Sapphire: September’s birthstone
The sapphire stone, one of the earliest gems known to man, has a rich history connected to royalty, religion and restorative remedies. Dating back to 4000BC, the sapphire has led a theatrical life. It holds the spotlight in jewellery boxes all over the globe, acting as a glowing symbol of everlasting luxury. It even has the whole month of September dedicated to it.
Deriving from the Greek word ‘sappheiros’ which references the gem’s deep blue hue. Sapphires are part of the Corundum elemental family, along with three other stones; diamonds, rubies and emeralds.
The journey of the sapphire is quite extraordinary, taking millions of years to form, the birthstone has been significant to religions around the world. During the Middle Ages, Buddhists wore the gem believing they would find spiritual enlightenment, Hindus wore a sapphire during worship as a symbol of heaven and Christian kings equipped the gem thinking it would grant them protection.
Greeks believed sapphires would provide guidance, others thought the gem would heal them of ailments like the small pox, by rubbing their eyes with the stone! After researching the history of the gemstone, it seems people wore the stone in belief it would bring them closer to their gods, deities and to anchor their moral compasses.
In 1796, French Emperor Napoleon Bonaparte proposed with a sapphire engagement ring to his beloved. The ring features in an article by ABC News, with two pear shaped stones on a gold band, one a sapphire, the other a diamond. It sold at auction for nearly one million dollars in France, 2013.
Gems like the Sapphire have inspired literature throughout history. There was a time when women were banned from publishing their work, so they bravely went by ‘pen names’ so they could write and conceal their identity. Mary Ann Evans (1819-1880) wrote about gems under her pen name George Eliot, the quote is quite fitting to our article:
‘These gems have life in them: Their colours speak, say what words fail of.’
The first sapphire discovered in the United States was in 1865, Montana, on the Missouri River by gold prospectors. Eventually Montana coined the nickname ‘Treasure State’ because of its prosperity in mining gold and sapphires. To this day, people still mine the river, hoping to sift their way to a riches.
1981 was a year of idolisation for the sapphire. Prince Charles offered a 12-carat blue sapphire engagement ring to Lady Diana as a symbol of his royal love, hence why you’ll hear the words ‘royal blue’ to describe the colour of a sapphire. The ring can now be found on Catherine Middleton’s hand, after Prince William (son and heir of Charles) proposed in 2010.
In November 2014 a world record was set for the biggest price bid at auction for a sapphire. The Blue Belle of Asia, which is a 392.52 carat sapphire, is currently the most expensive sapphire in the world, selling for over $17m. Another note-worthy sapphire is The Star of India which is 563.35 carats with a unique star shape printed either side of the gem. First discovered in Sri Lanka, it now lives in the American Museum of Natural History in New York City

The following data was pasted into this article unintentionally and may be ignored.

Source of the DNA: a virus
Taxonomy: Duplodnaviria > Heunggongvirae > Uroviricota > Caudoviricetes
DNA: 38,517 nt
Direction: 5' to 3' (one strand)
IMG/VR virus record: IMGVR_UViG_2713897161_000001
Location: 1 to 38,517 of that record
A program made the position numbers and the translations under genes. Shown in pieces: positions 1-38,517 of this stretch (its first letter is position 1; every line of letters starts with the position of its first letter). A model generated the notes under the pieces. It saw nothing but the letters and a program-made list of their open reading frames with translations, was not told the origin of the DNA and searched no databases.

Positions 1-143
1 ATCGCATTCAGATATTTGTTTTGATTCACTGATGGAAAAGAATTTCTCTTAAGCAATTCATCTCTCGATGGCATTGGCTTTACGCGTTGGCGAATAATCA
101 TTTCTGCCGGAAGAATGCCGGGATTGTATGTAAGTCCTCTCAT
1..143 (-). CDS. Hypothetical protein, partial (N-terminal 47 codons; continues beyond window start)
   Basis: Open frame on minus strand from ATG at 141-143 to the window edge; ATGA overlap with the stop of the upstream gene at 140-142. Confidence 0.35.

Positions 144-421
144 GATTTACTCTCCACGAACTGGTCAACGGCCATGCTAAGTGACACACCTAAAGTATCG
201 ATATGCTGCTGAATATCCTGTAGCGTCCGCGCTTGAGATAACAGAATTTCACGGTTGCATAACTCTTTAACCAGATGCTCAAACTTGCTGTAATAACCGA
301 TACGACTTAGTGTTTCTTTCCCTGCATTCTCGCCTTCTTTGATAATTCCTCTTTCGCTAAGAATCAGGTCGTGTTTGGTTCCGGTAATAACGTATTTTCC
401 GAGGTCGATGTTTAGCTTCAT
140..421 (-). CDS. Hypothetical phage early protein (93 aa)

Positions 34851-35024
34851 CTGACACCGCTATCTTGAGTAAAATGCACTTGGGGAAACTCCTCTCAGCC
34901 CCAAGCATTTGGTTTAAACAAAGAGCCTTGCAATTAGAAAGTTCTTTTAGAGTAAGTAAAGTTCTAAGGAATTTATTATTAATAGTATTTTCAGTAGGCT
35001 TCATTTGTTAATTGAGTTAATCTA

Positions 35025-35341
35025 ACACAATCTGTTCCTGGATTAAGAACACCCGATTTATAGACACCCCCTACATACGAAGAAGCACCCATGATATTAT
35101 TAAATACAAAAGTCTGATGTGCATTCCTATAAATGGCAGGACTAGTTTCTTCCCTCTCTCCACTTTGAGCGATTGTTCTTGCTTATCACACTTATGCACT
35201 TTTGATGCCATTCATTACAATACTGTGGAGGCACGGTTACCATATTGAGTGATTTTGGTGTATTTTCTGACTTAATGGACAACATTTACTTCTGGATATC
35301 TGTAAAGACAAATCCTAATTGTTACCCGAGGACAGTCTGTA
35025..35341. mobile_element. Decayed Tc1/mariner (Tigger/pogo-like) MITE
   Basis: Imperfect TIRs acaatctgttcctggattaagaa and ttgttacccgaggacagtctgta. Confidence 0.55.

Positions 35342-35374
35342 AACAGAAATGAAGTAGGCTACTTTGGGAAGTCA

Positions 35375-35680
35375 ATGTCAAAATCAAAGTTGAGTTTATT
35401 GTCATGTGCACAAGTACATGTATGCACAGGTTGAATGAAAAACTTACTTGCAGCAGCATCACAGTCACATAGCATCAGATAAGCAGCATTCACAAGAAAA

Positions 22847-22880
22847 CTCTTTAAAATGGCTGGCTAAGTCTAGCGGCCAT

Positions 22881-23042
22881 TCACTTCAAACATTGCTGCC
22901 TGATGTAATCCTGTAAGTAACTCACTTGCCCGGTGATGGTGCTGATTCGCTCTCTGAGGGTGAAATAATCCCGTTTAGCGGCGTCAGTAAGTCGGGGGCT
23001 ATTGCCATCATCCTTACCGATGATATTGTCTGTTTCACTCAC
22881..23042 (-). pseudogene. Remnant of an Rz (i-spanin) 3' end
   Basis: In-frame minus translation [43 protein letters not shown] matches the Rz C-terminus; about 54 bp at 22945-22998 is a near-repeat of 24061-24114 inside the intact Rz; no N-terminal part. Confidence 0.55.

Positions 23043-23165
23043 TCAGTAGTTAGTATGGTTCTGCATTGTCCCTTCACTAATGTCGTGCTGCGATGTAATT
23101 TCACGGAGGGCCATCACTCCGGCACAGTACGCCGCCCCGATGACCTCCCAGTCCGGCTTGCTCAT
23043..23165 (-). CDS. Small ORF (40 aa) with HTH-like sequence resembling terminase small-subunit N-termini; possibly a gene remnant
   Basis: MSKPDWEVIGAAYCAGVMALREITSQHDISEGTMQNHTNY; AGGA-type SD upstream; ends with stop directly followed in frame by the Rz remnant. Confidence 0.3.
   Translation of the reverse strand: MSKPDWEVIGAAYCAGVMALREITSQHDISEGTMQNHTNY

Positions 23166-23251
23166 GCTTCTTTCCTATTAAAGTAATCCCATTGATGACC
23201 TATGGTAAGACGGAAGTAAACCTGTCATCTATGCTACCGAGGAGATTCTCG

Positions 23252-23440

Madagascar holds one of the trophies for Sapphire production today, an article published by the BBC shows pictures capturing the reality of working in Madagascan mines.
So, what makes a sapphire? There are some key facts to know about the precious gem:
A sapphire scores 9 out of a possible 10 on the Mohs scale, making it the second hardest stone with the diamond taking first place. The Mohs scale is a rating system that tests gemstones on their durability. The only natural thing that can scratch a sapphire is a diamond
Sapphires don’t have to be blue. They can be pink, purple, orange, green, yellow, black, clear, colour-changing (called the star effect). Of all the colours sapphires can be, the rarest and most treasured is a pinkish orange variety name ‘padparadscha’ meaning ‘lotus flower’ in Sinhalese. As mentioned before, Sapphire is from the mineral Corundum family. When titanium and iron are present, the result is that royal blue colour.
You can find sapphire in more than jewellery and watches. Due to its durability and scratch resistance the gem is used on Apple iPhone cameras, as a window protection vision system aboard military aircrafts and on submarines providing crucial water resistance. These sapphires are synthetically grown in a boule, Corundum is one of the easiest minerals to synthesize so it can be colour and size changed. It’s all very technical!
With an incredible following, the Sapphire stone is steeped in connotations of love, wisdom, magic and health. The gem is believed to hold a powerful energy that compels the wearer to confidently make the ‘right’ choices in life, bringing them closer to their aspirations.
One of the things we are proud of at H&T is our competitive prices. You can pick up a sapphire piece from just £35 in some of our stores. If you don’t believe us, have a browse over our selection of pre-owned gemstones, all fully authenticated, professionally cleaned and presented in a box.
A sapphire suits all occasions; a celebration of love, a wish of mental and physical healing, a symbol of enlightenment. If you’ve been romanced by the stories of gold miners and kings, all seeking their perfect sapphire, you can embark on your own treasure hunt with H&T. All our stores have unique stock, as Pawnbroking brings all kinds of jewellery, so you can adventure to any of our stores, and find your very own sapphire.